By David N. Leff
Transplant surgeons have great expectations that the common pig (Sus scrofa) can become an organ donor for human recipients.
They point out that hogs are the right size, easy to raise, grow quickly to maturity and are free of infectious disease pathogens compared to subhuman primates, such as baboons. With upwards of 60,000 people on waiting lists for donor organs in the U.S. alone, porcine xenotransplantation could provide a virtually unlimited supply of graft organs, tissues and cells, to alleviate the cruel shortage of human material.
But, in recent years, a large, dark cloud has appeared on this bright horizon. Virologists now warn that these prospective porcine donors harbor retroviruses that may be able to infect graft recipients, and possibly spread through the human population, like a replay of HIV. (See BioWorld Today, Dec. 18, 1997, p. 1.)
This week's Lancet, dated Aug. 29, 1998, carries a cautionary paper in its "Early Reports" section titled, "Expression of pig endogenous retrovirus [PERV] by primary porcine endothelial cells and infection of human cells."
Using sophisticated in vitro detection methods, first author Ulrich Martin and his co-authors found that pigs pose "a serious risk of retrovirus transfer after xenotransplantation." The German group is at the Leibniz Research Laboratories for Biotechnology and Artificial Organs, at Hannover Medical School, in Hannover, Germany.
In three breeds of pig, from 12 sites in Denmark, Russia, Germany and France, they detected PERV in every sample of skin, liver, lung and aortic endothelial cells. Co-cultivation of the aortic cells with human embryonic kidney cells "led to productive infection of the human cells and expression of PERV," they wrote.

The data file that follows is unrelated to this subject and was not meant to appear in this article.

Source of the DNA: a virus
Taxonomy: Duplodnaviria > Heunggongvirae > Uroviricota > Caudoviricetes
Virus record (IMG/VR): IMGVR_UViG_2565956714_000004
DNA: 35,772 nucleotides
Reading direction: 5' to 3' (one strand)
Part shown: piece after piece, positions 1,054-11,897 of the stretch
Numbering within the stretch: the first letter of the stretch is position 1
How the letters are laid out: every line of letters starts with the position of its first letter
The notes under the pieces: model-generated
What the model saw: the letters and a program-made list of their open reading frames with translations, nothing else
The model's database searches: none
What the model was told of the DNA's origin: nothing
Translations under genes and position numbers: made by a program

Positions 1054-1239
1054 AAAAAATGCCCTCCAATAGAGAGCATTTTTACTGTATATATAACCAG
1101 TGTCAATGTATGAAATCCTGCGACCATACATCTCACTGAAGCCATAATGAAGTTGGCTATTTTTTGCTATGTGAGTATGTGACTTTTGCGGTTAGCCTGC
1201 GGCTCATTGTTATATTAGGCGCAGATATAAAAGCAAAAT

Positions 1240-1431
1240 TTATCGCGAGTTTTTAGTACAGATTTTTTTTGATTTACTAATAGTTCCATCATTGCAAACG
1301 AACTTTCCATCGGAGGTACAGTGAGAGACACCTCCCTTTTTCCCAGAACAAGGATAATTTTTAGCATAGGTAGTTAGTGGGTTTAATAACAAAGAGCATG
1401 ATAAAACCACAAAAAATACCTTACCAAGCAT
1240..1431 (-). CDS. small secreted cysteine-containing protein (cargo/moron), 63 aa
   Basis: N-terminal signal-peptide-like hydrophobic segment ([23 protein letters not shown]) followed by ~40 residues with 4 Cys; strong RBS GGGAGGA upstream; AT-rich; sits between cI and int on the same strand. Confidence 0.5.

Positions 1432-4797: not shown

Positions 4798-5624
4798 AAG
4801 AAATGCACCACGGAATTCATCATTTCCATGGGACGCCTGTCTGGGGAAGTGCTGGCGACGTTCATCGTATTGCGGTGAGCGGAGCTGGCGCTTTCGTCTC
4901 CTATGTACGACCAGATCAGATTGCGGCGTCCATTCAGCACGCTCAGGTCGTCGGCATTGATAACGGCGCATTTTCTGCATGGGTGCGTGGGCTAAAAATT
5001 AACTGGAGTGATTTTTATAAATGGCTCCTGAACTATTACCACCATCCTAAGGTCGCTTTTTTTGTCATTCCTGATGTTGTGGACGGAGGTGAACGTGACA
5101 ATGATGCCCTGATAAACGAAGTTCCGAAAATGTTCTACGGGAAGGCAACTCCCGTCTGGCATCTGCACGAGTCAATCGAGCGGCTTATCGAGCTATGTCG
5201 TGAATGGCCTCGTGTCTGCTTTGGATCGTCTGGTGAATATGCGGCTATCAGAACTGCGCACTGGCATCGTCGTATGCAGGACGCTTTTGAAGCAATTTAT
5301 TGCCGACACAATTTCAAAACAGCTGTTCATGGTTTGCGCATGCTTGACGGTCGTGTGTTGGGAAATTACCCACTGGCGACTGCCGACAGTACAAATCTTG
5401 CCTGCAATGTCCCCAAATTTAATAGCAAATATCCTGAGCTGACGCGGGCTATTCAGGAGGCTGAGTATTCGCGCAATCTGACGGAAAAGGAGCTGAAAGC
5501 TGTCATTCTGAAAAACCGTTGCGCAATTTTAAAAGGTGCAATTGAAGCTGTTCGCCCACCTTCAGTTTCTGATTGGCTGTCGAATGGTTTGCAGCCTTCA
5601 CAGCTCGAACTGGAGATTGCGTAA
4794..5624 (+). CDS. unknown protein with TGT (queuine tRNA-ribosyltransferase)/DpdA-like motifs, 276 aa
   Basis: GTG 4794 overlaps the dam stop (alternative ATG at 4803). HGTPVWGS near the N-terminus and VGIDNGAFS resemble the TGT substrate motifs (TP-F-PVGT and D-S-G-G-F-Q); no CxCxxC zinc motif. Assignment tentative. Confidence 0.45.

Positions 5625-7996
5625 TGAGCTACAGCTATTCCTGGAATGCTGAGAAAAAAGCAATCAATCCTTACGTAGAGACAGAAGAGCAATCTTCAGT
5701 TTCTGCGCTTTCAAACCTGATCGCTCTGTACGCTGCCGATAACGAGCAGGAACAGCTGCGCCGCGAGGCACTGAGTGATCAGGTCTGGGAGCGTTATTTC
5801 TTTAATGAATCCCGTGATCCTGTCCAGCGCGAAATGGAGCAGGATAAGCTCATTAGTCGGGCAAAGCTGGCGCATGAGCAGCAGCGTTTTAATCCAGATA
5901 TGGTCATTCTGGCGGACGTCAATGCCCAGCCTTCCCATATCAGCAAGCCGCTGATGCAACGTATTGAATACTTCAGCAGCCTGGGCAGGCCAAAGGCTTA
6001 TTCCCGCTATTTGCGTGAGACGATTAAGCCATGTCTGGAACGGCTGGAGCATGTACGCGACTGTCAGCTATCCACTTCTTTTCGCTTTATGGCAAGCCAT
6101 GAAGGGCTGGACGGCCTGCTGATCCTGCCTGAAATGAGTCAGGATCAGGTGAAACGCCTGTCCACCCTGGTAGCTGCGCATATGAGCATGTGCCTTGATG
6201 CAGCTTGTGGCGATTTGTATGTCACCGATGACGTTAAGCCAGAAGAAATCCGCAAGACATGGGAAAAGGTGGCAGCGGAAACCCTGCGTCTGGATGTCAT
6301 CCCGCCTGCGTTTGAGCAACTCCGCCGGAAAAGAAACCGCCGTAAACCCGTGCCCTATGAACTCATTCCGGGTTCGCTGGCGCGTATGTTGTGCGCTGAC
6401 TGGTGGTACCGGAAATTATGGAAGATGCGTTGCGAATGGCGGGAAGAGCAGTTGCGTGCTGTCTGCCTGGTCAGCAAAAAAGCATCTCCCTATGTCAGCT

Counterbalancing this somber heads-up warning were two other "Early Reports" in the same Lancet, describing in vivo human experience with porcine cells. "No evidence of infection with porcine endogenous retrovirus in recipients of porcine islet-cell xenografts," one article reported.
At Sweden's Karolinska Institute, in Stockholm, between 1990 and 1993, 10 patients with late-stage insulin-dependent diabetes received 400 million to 2 billion insulin-secreting islets of Langerhans from fetal pig tissue. In five of these subjects, the xenografts survived and functioned for up to a year.
That paper's first author is virologist Walid Heneine at the U.S. Centers for Disease Control (CDC), HIV and Retrovirology Branch. A co-author is medical epidemiologist Louisa Chapman, project leader of the CDC's working group on porcine xenotransplantation.
She told BioWorld Today that, although the five Swedish subjects also received immunosuppressive treatment to prevent graft rejection, they "were unable to detect markers of PERV infection in any patient."
Another HIV-Like Pandemic?
Chapman explained that PERV "goes into part of its target cell's DNA. Every mammalian species harbors such endogenous retroviruses. They remain dormant in infected cells until activated to become exogenous retroviruses. The concern over PERV is that if it becomes exogenous — like HIV — rather than endogenous, it might spread as a new infectious agent in the population."